1.0.0 • Public • Published


SignalK Hour Meter is a plugin and corresponding Webapp for the SignalK Node Server that monitors the run time of devices on your boat by watching for related SignalK data that indicates the device is currently on. For example, one of the most common uses is an engine hour meter: this plugin can track and generate propulsion.0.runTime values based on the presense of non-zero values for propulsion.0.revolutions. The plugin then allows you to retrieve run histories of the device using its WebApp user interface. You can also programatically retrieve run history using a Json API.

How it works

You define one or more devices for the hour meter plugin to track by using the plugin configuration panel of the node server. Each device that is tracked needs to already produce some type of numeric SignalK data that can be monitored to indicate it is on. Any value greater than zero is assumed to indicate the device is on. The device will be assumed off if the monitored value is zero, or if an update has not been received after a timeout that you specify. Based on the monitored value, the plugin will emit both a total runTime value, as well as an optional status value that is a simple "ON" or "OFF"


To configure a new device, select Server -> Plugin Config -> Hour meter from the node server menu. To add a new device definition, press the blue + button. You can define more than one device if you would like. Simply repeat this step for each device you want to track.

The Device name is both a name you make up for the device, as well as an identifier used for the device in the Json API to retrieve history reports via software. You can include spaces and punctuation in the device name if you wish (they will be removed to create the device identifier), but once you set the name and start collecting data, do not change it. The device identifier, which is derived from the Device name is also used for the file name for the history storage. Changing the name will cause a new history file to be created, losing all your previous data.

The SignalK value that indicates device is on is the SignalK path that is monitored by the plugin to determine if the device is on. This value should already be created and reported by some other component of your system

The SignalK timeout (secs) is the number of seconds of "data silence" the hour meter plugin should tolerate before assuming the device has been turned off. The smaller this number, the quicker the plugin can determine the device has actually been turned off. However, you don't want it so small that the plugin starts reporting sporadic 'on/off/on' situations. The default value of 30 seconds is usually a good number.

The SignalK path to output hour meter data indicates the SignalK path the plugin will use to report total "life to date" run time. Note that the existing SignalK specification already has definitions for many paths you may want to use. They all end in runTime, so if you do end up making up a new path, ending the name in runTime will at least stay consistent. If you leave this field blank, no run time data will be reported on the SignalK stream. The plugin will still log run history, and can still report the status (below) if that path is defined.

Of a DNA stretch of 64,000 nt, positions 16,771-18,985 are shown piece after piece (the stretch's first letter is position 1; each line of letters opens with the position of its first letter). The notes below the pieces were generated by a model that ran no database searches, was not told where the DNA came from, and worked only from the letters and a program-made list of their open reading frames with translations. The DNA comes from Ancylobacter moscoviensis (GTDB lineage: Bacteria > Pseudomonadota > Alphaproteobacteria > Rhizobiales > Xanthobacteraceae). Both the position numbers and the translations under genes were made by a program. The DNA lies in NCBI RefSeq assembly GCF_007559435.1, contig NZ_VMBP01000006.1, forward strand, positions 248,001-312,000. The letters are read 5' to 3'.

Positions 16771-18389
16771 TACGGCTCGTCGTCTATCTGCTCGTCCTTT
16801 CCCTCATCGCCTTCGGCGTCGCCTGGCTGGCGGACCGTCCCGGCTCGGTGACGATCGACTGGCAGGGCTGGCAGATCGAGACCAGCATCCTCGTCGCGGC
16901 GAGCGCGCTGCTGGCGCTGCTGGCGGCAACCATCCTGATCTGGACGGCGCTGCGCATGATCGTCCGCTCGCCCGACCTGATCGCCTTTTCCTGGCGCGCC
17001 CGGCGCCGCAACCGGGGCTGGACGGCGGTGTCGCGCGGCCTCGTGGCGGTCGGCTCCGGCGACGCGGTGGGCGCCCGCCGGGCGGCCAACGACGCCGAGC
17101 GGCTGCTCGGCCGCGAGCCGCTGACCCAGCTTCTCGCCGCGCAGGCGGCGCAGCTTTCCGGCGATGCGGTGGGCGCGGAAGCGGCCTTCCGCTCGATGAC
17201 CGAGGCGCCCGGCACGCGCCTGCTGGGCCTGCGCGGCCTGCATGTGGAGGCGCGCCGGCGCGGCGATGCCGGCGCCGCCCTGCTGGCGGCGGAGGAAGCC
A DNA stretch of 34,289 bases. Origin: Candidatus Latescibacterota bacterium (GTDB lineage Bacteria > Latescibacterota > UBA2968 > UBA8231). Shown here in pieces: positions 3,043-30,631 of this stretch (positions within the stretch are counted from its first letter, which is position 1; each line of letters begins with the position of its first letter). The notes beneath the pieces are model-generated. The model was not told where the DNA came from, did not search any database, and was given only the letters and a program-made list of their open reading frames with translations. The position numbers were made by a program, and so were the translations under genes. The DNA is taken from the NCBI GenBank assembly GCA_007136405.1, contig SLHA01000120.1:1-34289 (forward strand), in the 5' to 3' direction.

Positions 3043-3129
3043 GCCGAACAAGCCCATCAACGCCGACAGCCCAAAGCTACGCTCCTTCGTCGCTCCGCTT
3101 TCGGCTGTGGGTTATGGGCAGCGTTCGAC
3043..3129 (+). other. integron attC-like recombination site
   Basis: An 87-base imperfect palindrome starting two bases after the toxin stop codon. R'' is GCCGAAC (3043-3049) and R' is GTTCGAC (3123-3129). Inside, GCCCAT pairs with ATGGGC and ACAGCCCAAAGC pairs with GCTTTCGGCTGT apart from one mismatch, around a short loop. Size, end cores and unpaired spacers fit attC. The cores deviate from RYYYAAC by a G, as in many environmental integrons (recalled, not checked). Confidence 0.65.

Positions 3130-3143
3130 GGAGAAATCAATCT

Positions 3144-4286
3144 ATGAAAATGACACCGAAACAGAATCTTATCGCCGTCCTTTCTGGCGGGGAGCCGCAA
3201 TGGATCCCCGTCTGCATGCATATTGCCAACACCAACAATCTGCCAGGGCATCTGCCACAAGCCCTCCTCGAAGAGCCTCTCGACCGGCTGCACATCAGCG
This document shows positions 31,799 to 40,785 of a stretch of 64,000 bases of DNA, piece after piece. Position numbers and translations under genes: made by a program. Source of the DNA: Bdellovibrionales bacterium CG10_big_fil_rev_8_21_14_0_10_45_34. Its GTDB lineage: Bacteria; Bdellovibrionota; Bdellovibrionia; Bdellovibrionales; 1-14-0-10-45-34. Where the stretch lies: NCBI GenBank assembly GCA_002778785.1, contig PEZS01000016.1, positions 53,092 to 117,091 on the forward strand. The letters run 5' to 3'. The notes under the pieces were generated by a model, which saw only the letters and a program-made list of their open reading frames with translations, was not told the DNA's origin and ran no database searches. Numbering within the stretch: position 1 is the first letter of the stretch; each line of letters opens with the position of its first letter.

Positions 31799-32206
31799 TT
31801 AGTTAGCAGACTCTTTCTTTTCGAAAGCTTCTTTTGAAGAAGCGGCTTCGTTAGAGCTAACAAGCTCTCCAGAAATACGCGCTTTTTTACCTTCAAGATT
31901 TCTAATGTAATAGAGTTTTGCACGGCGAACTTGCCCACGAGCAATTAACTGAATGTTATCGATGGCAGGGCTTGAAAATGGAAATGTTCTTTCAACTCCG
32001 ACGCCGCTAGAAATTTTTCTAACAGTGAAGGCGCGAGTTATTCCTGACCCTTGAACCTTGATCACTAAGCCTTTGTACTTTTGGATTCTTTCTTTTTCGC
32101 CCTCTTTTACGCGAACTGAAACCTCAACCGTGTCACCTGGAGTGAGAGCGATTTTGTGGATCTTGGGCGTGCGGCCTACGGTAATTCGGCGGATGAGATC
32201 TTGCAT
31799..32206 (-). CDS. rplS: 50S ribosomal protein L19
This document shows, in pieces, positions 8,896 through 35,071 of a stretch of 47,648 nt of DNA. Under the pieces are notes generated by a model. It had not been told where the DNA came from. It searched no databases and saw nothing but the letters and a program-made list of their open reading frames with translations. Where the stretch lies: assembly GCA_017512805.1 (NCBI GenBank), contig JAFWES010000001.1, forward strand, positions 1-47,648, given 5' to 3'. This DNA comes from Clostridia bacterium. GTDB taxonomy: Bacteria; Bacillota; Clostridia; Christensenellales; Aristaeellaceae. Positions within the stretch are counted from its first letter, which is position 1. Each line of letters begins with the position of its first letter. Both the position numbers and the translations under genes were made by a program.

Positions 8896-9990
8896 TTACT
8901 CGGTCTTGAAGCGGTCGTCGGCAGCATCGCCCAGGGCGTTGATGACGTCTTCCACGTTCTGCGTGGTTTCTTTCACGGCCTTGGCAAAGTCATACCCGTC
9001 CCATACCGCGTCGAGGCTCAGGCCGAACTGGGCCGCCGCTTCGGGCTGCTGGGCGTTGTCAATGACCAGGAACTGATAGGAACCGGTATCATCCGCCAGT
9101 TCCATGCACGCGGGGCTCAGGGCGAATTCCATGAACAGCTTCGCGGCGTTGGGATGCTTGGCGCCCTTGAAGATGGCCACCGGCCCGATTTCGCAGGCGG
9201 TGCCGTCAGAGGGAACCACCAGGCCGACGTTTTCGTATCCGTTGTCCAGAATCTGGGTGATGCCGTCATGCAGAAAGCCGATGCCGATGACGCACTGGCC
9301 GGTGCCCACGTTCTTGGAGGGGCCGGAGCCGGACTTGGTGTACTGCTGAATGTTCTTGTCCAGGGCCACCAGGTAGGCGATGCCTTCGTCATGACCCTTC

The SignalK path to output device status is used to report "ON" or "OFF" on the SignalK data stream. If you do not want this report, leave this field blank.

The Hours already on device allows you to enter a starting hour count for the device. This is useful if you have an analog hour meter on the device you can take a reading off of. You can periodically adjust this value if the reported hours starts to drift from the actual hours. The hour meter plugin always reports total run time as "monitored run time plus hours already on device", so changing this value after run time data has already recorded will in fact change the hours reported.

The Reporting interval (secs) indicates how often the run time and/or status will be sent over the SignalK data stream when the device is on.

Reviewing the Data

The Hour Meter plugin installs a simple Webapp interface that allows you to review the data it has recorded. You can view this data in a web browser using the path /signalk-hour-meter. For example:


It is also available to be selected from the Webapps menu option of the Node Server.


You can also retrieve data using one of the two following API calls:

Get device list


will return a json array of the device Ids that are defined.

Get device history


where <deviceId> is one of the ids returned by the /plugins/api/devices call. The /plugins/api/history/<deviceId> allows for two optional start and end query parameters that lets you retrieve a small subset of history items:



Package Sidebar


Weekly Downloads






Unpacked Size

755 kB

Total Files


Last publish


  • joelkoz